Let $X_1, X_2, ... , X_n$ be a random sample form an exponential distribution $E(\theta)$, $\theta>0$. Obtain minimum-variance unbiased estimator of a function $g(\theta)=\frac{1}{\theta^2}$ ($E(X) = \frac{1}{\theta}$ and $Var(X) = \frac{1}{\theta^2}$).

This is what I did [update]:

Since pdf of the exponential distribution is:

$f(x) = \theta e^{-\theta x}$

The pdf for $X = (X_1, X_2, ... , X_n)$ is:

$f(X) = \theta^n e^{-\theta \sum_{i=1}^{n} X_i}$

So according to the factorization criterium:

$g(T(X)) = e^{-\theta \sum_{i=1}^{n} X_i}$


$h(x) = 1$

$T(x) = \sum_{i=1}^{n} X_i$ is a sufficient statistic of the parameter $\theta$.

$E(T(X)) = nE(X) = \frac{n}{\theta}$ and $E(\overline{X}) = \frac{1}{\theta}$

$\overline{X}$ is the MVUE for $\frac{1}{\theta}$ so my intuition was to use $E(\overline{X}^2)$

$E(\overline{X}^2) = Var(\overline{X}) + [E(\overline{X})]^2 =\frac{1}{n\theta^2} + \frac{1}{\theta^2} =\frac{n + 1}{n\theta^2}$

Above given estimator is biased but:

$(\frac{n}{n + 1})\overline{X}^2$

is an unbiased estimator of $\frac{1}{\theta^2}$ and a function of a sufficient statistic, therefore it is an MVUE of $\frac{1}{\theta^2}$.

Is such a solution correct?

  • 1
    $\begingroup$ It is not clear in what sense your work is a "solution." What is $T(X)$? I would expect an unbiased estimator to be of the form $W=w(X_1, \ldots, X_n)$, and satisfy $E[W]=1/\theta^2$ while $E[(W-1/\theta^2)^2]$ is hopefully small (and going to $0$ as $n\rightarrow\infty$). In particular, you should show how your samples $\{X_1, \ldots, X_n\}$ can be used to form an estimate. $\endgroup$
    – Michael
    Sep 7, 2015 at 20:55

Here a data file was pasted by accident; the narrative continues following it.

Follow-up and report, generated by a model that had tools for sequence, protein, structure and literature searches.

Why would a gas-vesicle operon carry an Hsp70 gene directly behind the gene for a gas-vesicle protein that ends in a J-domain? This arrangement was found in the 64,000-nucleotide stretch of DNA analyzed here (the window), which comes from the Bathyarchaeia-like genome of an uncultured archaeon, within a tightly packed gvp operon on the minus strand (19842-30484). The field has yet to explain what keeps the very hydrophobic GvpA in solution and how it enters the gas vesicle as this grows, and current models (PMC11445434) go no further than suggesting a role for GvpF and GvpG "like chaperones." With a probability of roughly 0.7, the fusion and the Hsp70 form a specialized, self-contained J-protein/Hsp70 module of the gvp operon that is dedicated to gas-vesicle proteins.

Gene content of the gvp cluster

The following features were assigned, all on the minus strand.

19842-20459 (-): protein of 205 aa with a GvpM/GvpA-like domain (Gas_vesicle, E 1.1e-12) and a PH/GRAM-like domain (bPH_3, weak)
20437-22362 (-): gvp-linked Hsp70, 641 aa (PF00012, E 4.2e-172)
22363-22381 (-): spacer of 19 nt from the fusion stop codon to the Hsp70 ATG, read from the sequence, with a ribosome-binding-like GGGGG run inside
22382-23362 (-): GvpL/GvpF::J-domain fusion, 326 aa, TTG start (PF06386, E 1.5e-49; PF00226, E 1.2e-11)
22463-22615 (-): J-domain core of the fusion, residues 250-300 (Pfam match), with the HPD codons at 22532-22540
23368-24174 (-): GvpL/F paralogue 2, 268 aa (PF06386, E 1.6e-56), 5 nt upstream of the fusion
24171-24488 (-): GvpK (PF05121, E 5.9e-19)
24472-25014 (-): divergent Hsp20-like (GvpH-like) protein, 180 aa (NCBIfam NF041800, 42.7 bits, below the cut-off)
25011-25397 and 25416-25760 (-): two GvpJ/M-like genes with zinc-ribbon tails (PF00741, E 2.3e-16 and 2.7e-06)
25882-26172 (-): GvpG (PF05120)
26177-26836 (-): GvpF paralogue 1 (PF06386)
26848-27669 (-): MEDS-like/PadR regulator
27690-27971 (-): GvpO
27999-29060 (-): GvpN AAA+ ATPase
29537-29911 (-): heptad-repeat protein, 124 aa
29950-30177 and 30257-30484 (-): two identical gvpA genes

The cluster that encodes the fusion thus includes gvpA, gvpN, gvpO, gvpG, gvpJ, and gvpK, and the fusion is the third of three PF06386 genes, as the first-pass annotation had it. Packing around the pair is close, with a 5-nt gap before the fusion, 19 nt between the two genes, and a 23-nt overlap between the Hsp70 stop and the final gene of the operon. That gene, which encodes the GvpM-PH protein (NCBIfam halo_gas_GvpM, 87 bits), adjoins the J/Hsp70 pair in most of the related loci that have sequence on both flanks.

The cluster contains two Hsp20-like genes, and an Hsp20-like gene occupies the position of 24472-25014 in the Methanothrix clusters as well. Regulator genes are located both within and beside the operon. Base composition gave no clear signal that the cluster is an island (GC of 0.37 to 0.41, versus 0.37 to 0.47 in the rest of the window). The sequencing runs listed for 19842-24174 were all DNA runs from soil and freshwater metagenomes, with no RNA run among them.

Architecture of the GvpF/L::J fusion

• $\begingroup$ I updated the post, could you please review it again? $\endgroup$
    – kaksat
    Sep 8, 2015 at 12:39

1 Answer 1


Yes, this solution is almost correct, and it's a nice solution. The only slight technical error is that you should argue that $T$ is a complete sufficient statistic. If a sufficient statistic isn't complete, different unbiased estimators based on it may have different variance.

  • $\begingroup$ Thank you! So using the pdf function for $X$ and writing it as a formula for an exponnetial family I obtain: $f(X) = exp(nln\theta - \theta\sum_{i=1}^{n} x_i)$ and: $h(x) = 1$, $T(X) = \sum_{i=1}^{n} x_i$, $C(\theta) = -\theta$, and $B(\theta) = -nln\theta$. Therefore T(X) is a complete sufficient statistic of the parameter $\theta$. I therefore assume that instead of using the factorization criterium I should have writtten the pdf function as the exponential family? $\endgroup$
    – kaksat
    Sep 9, 2015 at 9:42
  • $\begingroup$ @kaksat: Well, I wouldn't say "instead" -- the exponential form is also factorized, and essentially the same as what you wrote for applying the factorization criterion -- factorization and thus sufficiency drop out as a byproduct when you write it as a member of the exponential family -- but additionally you get completeness. $\endgroup$
    – joriki
    Sep 9, 2015 at 10:51

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